Against her forehead, his. They stared into one another. Here, so close, it was perfect. She could have broken him. Could have turned her shoulder just enough, staggered him just enough, misguided his balance or disrupted his stance just enough to move into the space he occupied and overtake him. Palm to the chin. Two knuckles to the temple. The hard rock of her hand's knife-edge to his sternum, and then the head — just a snap, a little twitch, just enough, to shatter his nose to powder, dislodge a tooth or two—

(She'd learned that there were little pockets of air in the gums, old as the day of one's birth, ever-moldering below the nasal cavity, packed like secrets behind pink lips. And they could burst like swollen bladders if the nose broke in just the right way, send the two front teeth shooting out like little arrows of bone...)

Gloria leaned her head against his. Watched him.

"When it is done, come find me."

It was the most trust they'd shown each other in years, as fragile as half-bent leafspine.

But it was trust. Or something like it.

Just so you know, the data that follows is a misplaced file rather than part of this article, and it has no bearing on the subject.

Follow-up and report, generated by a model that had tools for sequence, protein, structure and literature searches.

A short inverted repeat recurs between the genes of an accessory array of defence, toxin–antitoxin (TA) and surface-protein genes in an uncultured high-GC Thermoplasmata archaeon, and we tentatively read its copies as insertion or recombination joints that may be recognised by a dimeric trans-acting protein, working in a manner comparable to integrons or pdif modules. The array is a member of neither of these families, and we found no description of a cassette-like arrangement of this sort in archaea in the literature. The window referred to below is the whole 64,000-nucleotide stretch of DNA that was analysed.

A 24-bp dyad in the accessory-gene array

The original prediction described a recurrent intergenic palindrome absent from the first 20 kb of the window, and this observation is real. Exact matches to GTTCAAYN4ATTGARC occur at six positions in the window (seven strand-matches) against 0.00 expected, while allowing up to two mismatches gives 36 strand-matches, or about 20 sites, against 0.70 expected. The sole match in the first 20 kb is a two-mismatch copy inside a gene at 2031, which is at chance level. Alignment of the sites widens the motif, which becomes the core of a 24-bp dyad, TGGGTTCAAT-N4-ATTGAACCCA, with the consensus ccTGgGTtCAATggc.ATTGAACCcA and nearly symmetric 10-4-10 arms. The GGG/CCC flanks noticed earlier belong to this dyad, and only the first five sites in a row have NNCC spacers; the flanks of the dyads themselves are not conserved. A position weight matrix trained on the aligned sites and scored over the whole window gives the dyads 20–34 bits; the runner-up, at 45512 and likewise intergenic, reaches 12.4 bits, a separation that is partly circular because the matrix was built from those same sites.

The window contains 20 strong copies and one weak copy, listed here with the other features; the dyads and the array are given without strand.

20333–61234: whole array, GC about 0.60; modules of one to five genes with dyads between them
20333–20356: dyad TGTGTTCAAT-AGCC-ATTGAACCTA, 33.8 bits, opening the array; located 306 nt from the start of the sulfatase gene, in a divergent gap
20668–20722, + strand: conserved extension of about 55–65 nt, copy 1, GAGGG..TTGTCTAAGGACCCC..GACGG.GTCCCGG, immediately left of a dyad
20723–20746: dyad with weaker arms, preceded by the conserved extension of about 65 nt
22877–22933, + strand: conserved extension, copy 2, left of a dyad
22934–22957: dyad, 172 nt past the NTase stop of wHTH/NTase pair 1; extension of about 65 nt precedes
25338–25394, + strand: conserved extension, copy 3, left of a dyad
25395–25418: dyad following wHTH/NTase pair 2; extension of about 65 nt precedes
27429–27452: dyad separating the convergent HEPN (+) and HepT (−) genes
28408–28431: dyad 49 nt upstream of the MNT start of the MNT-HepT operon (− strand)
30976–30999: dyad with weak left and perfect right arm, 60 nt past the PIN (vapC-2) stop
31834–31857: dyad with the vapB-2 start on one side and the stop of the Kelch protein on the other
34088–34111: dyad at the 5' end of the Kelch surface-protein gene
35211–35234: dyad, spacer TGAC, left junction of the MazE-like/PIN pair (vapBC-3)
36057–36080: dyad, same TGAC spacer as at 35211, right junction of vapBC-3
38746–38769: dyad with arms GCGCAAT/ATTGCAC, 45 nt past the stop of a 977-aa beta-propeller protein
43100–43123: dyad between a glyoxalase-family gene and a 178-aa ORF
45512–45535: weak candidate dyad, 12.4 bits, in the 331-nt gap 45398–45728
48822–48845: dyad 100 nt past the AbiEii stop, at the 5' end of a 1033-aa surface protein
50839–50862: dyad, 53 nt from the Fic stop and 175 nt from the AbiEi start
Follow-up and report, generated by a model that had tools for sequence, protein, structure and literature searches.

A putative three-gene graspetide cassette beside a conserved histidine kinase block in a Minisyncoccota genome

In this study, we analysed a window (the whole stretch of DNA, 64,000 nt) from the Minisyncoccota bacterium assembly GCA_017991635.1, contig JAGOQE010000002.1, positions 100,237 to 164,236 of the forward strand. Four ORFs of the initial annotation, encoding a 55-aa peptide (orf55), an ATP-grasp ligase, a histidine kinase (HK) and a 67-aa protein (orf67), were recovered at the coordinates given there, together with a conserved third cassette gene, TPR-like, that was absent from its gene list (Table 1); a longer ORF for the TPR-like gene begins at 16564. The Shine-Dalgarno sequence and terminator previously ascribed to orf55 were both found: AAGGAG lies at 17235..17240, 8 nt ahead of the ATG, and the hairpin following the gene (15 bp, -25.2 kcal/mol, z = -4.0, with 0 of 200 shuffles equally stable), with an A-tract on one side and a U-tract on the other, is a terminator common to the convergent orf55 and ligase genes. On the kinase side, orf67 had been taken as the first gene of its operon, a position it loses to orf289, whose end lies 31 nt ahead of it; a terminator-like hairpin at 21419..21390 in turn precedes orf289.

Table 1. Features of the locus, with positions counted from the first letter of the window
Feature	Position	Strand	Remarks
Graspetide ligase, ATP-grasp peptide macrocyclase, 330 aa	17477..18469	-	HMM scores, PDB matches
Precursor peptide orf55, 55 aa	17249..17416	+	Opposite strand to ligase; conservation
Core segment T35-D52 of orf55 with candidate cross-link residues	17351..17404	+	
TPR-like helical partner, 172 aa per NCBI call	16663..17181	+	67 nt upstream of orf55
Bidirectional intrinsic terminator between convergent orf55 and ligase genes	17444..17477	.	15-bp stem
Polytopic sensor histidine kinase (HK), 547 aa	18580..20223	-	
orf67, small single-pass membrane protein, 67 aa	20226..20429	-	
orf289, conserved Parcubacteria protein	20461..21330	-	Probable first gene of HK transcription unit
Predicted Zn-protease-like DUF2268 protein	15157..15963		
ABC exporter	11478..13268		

"Hand," she said, her mouth daring a subdued smile, before he fled.

It was not done. Not by far. But those paths were not hers to travel tonight. Instead, she palmed sweat from her collar, and threw herself silently into the company of other Myrkeners. Her lone contribution as Inquisitor? To ask for a call of the horn from a member of the Guard, who promptly sounded it and drew swarms of citizens from their homes, from their drinks, from their work, to lend their aid. Otherwise, she put her body to work as they did: marching water and mud to the treeline, or bringing wineskins to those already black-faced by a war they'd already been waging when she arrived. A fire would burn itself out in time. That's what the folks with spades and hoes knew as they cut mighty trenches into the warm earth. What mattered most was that it had no channel, no avenue, to find thatched roofs, or barns, or crops, or Aithne...

Aithne. Where smoke climbed high. Where men and women had already rushed on thundering hooves and rattling carts.

Darkenhold.